Fall 2008 Bridal Collections by Silhouette
Browse through the Fall 2008 Bridal Collections and find the perfect dress for your body type. Choose your favorite silhouettes from the list below.
- Gowns by silhouette are broken into categories based on the designer's name
- Trumpet: A-G
- Trumpet: H-N
- Trumpet: O-S
- Trumpet: T-Z
- A-Line: A-G
- A-Line: H-N
- A-Line: O-S
- A-Line: T-Z
- Ball Gowns: A-G
- Ball Gowns: H-N
- Ball Gowns: O-S
- Ball Gowns: T-Z
- Empire: A-G
- Empire: H-N
- Empire: O-Z
- Sheath: A-G
- Sheath: H-N
- Sheath: O-S
- Sheath: T-Z
Trumpet: Glamourous 1940s movie stars come to mind in this style that hugs curves and then flares out at the bottom of the skirt in a trumpet shape. This silhouette is also labeled as mermaid by some designers.
A-Line: The straight lines of modern geometry inspired the classic A-line dress. It first came into fashion in the late 1950s and, as its name suggests, forms a triangular A shape with a narrow bodice and a wide skirt.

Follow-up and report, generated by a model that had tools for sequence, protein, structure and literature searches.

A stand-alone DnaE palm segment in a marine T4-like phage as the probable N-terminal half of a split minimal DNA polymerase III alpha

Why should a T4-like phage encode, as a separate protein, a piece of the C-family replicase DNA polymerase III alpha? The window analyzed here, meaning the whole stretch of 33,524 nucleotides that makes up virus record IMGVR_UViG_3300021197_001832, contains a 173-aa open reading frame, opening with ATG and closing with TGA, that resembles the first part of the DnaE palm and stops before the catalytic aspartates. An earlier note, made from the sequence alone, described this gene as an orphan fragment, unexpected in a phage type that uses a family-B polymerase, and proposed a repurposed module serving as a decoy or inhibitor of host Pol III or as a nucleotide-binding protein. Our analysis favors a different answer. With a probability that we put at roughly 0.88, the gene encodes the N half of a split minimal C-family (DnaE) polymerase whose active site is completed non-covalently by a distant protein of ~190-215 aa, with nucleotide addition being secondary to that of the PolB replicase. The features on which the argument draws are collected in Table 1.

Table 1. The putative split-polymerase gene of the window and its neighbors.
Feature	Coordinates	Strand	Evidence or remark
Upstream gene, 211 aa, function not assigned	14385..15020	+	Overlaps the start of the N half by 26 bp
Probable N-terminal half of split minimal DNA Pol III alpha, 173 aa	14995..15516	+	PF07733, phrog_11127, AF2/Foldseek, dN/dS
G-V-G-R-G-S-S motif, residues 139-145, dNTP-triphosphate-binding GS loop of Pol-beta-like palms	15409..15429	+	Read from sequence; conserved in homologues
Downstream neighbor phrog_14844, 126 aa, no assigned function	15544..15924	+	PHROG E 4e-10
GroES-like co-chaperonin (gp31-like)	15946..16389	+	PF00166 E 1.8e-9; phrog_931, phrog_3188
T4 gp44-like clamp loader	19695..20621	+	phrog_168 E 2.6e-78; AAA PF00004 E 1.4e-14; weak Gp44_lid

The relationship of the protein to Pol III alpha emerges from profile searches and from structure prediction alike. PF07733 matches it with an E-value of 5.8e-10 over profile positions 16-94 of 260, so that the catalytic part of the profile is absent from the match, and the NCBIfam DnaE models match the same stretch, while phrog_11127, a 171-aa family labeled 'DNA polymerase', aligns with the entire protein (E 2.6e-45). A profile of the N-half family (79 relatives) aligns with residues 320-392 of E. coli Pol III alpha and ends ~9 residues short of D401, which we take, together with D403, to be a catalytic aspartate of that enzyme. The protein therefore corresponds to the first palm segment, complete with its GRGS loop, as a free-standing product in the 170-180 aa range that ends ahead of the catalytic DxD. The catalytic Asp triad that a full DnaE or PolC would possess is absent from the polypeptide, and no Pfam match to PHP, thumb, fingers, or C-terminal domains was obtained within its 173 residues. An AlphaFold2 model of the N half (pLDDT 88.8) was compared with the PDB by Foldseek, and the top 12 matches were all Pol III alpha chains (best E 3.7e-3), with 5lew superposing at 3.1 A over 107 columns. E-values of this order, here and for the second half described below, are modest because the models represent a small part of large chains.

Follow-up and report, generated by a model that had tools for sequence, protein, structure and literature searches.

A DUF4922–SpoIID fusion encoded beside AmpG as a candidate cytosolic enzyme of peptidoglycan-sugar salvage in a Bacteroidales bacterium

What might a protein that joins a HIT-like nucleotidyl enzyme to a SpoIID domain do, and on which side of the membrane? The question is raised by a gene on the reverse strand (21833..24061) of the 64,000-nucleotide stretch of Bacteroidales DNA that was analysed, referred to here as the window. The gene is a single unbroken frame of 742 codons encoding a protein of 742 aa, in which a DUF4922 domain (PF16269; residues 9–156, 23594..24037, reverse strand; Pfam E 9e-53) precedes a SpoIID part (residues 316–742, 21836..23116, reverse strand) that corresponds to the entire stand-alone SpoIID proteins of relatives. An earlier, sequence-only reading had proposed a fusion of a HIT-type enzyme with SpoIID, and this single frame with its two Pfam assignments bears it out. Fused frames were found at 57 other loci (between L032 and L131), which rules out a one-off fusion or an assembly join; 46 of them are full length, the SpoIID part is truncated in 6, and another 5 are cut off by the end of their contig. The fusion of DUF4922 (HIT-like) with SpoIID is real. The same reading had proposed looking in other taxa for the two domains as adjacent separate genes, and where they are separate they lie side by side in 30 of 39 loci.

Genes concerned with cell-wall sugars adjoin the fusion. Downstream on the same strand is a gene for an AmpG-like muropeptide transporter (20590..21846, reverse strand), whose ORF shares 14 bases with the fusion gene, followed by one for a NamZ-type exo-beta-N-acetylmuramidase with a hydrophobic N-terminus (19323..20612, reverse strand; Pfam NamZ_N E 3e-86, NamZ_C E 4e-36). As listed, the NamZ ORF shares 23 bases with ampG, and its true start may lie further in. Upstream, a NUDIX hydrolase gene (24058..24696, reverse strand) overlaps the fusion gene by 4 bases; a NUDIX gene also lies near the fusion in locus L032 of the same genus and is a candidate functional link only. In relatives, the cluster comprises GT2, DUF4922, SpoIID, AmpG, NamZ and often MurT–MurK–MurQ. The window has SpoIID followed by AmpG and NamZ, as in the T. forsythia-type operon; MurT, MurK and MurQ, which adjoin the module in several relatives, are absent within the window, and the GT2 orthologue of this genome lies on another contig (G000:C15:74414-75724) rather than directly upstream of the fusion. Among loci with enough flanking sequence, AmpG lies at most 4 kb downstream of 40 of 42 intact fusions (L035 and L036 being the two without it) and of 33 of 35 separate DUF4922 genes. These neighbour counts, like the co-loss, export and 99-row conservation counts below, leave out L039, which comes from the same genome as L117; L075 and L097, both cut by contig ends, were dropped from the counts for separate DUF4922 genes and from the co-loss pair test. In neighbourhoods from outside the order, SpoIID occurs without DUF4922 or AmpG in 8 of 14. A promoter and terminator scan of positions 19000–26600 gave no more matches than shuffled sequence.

Ball Gowns: The full-skirted bridal gown swept into fashion with Queen Victoria's wedding in 1840 and remains the favorite romantic silhouette.
Empire: Youthful and elegant, the high-waisted empire dress came into fashion in 1800, just after the French Revolution. Napoleon's wife Josephine popularized the neoclassical style.
Sheath: The sheath was the style worn by Marilyn Monroe in the days when darts and seams -- instead of today's stretch fabrics -- were used to create a curvaceous silhouette.
- 5 Ways You're Jeopardizing Your Relationship With Your Daughter- or Son-In-Law—and Your Child
- In Addition to Duke and Duchess, Prince Harry and Meghan Markle Will Hold Other Royal Titles for Life
- The 20 Best Dresses to Wear as a Wedding Guest This Summer
- Ariana Grande Inspired These Grooms' Black-Tie Wedding in the Pacific Palisades